T passes exempt from fare constraints
Pollack says monthly passes are not 'fares'
THE BAKER ADMINISTRATION is adopting a definition of the word fare that would allow the MBTA to increase the prices of bus and subway passes at any time and by any amount.
A state law passed in 2013 limits MBTA fare increases to no more than 10 percent every two years. The Baker administration this week said it is taking the position that bus and rail passes are not fares and are therefore exempt from the law.
The issue arose on Monday when the T’s Fiscal Management and Control Board voted unanimously to seek public comment on two options for fare increases that would take effect July 1. One option would increase base fares 5 percent and the other 10 percent, while both approaches would boost the cost of many popular passes by greater amounts.
The popular LinkPass, which offers unlimited bus and subway travel, would go up 12.5 percent under one of the proposals. The local bus pass would go up 16 percent under one option and 19.5 percent under the other.
“A pass is not a fare,” Pollack told reporters. “A pass is actually a discount from a fare, and that is the legal interpretation. So that is why we are proposing two different changes in fares. No fare goes up by more than 10 percent. System-wide fares don’t go up by more than 10 percent. But we’re giving less of a discount to pass holders in both scenarios.”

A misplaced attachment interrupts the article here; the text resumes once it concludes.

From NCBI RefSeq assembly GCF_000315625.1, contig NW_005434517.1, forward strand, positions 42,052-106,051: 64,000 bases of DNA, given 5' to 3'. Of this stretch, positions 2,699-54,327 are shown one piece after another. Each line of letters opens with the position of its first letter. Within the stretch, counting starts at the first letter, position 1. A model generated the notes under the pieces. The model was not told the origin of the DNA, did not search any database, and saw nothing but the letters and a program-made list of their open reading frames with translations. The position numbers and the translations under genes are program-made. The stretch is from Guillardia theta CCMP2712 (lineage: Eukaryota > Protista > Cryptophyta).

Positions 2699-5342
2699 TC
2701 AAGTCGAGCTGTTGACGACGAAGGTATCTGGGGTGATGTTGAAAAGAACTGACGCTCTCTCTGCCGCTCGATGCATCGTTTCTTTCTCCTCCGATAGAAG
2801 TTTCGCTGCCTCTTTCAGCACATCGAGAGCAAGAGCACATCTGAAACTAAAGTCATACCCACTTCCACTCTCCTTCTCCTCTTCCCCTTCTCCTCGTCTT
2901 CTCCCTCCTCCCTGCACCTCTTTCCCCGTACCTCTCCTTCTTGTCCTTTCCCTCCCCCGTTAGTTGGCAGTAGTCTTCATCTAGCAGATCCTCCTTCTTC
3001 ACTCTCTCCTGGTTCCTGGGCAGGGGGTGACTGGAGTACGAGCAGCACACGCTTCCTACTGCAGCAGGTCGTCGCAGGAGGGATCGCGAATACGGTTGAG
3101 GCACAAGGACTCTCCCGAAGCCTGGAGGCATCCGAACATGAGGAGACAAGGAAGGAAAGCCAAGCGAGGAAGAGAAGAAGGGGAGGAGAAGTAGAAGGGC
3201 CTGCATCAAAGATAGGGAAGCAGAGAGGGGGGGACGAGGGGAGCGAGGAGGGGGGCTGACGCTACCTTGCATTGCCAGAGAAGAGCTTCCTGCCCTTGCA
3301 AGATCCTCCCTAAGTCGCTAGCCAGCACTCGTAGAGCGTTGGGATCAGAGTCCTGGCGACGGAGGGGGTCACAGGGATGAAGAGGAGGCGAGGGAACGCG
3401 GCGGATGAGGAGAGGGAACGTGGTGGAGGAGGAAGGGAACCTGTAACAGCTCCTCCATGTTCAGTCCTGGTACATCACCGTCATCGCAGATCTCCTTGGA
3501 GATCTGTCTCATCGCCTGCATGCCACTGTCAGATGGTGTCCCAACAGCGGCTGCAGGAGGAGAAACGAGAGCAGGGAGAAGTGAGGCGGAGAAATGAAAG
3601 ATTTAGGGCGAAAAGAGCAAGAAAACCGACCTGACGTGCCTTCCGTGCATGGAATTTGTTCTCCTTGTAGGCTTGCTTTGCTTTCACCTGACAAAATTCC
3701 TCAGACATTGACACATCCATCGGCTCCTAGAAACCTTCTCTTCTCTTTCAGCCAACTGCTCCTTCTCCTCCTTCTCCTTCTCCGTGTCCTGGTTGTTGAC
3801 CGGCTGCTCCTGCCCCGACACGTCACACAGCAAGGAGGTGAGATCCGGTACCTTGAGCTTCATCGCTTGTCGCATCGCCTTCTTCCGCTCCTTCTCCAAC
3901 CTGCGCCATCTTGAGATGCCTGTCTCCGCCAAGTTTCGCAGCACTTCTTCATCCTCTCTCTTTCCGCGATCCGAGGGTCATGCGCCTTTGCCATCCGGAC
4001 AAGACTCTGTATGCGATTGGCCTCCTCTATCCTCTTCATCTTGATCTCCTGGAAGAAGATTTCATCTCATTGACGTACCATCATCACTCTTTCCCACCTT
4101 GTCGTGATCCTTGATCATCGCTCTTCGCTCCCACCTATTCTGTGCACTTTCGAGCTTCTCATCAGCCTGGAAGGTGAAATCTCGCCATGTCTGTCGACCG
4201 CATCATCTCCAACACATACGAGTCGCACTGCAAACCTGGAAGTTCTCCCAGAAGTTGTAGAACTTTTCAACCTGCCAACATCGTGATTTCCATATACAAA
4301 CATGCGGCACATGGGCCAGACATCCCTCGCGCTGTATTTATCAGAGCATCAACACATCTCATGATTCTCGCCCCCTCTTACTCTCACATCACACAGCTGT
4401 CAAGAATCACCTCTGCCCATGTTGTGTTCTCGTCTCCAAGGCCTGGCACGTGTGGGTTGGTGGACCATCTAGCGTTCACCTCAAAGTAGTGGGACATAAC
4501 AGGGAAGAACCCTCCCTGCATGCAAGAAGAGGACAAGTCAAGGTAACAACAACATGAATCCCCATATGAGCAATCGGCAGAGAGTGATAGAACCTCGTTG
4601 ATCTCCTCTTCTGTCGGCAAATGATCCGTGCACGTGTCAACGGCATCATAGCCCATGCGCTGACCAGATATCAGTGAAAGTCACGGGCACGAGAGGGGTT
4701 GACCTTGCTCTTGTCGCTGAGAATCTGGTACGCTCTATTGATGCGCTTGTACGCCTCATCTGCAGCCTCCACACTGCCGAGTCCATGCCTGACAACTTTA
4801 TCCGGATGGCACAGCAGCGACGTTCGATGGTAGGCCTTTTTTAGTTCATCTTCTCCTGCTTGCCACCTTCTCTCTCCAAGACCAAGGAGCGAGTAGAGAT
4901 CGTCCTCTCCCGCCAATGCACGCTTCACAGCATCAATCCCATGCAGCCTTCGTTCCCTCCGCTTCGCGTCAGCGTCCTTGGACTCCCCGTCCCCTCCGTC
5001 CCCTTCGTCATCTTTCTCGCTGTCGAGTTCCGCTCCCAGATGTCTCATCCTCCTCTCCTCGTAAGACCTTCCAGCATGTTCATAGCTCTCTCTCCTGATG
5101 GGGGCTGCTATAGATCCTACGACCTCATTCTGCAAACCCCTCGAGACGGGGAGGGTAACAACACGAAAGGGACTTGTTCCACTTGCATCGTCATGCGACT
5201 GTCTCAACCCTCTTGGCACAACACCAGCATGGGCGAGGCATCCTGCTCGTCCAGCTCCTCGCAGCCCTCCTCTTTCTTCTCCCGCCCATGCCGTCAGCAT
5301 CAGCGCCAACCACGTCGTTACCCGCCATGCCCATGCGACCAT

Jacquelyn Goddard, a spokeswoman for the Department of Transportation, said in an email that the definition of fares cited by Pollack “is based upon the common understanding and usage of those terms and is contained in the MBTA’s fare policy.”
The transit agency’s fare policy doesn’t specifically define a fare, but it does draw a distinction between fare media (Charlie Card, Charlie ticket, and cash) and unlimited ride passes.
Asked whether the T’s definition for fare would allow increases in T pass prices at any time and by any amount, Goddard said: “The MBTA’s position is that our passes offer a discount from the fare, and that the MBTA has discretion as to whether to offer such discounts, and, if so, in what amounts.”
Rafael Mares, vice president of the Conservation Law Foundation, said he was surprised at the administration’s definition of a fare. He said he suspected most people would think what they pay to ride the T would qualify as a fare, whether they purchased a Charlie ticket at the station or a month-long pass through their employer.
“They’re trying to change the meaning of words in order to change the cost of public transportation every year,” he said.Rep. William Straus, the House chairman of the Legislature’s Transportation Committee, said he didn’t see a difference between paying with a pass and paying with a Charlie ticket. “I didn’t understand the distinction she appeared to be making,” the Mattapoisett Democrat said. “I’d be surprised if there’s a legislator voting on these types of issues who thinks there’s any kind of difference there.”
“It seems to me they’re all fares,” he said. “It’s what you pay to get on. I say absolutely it’s a fare.”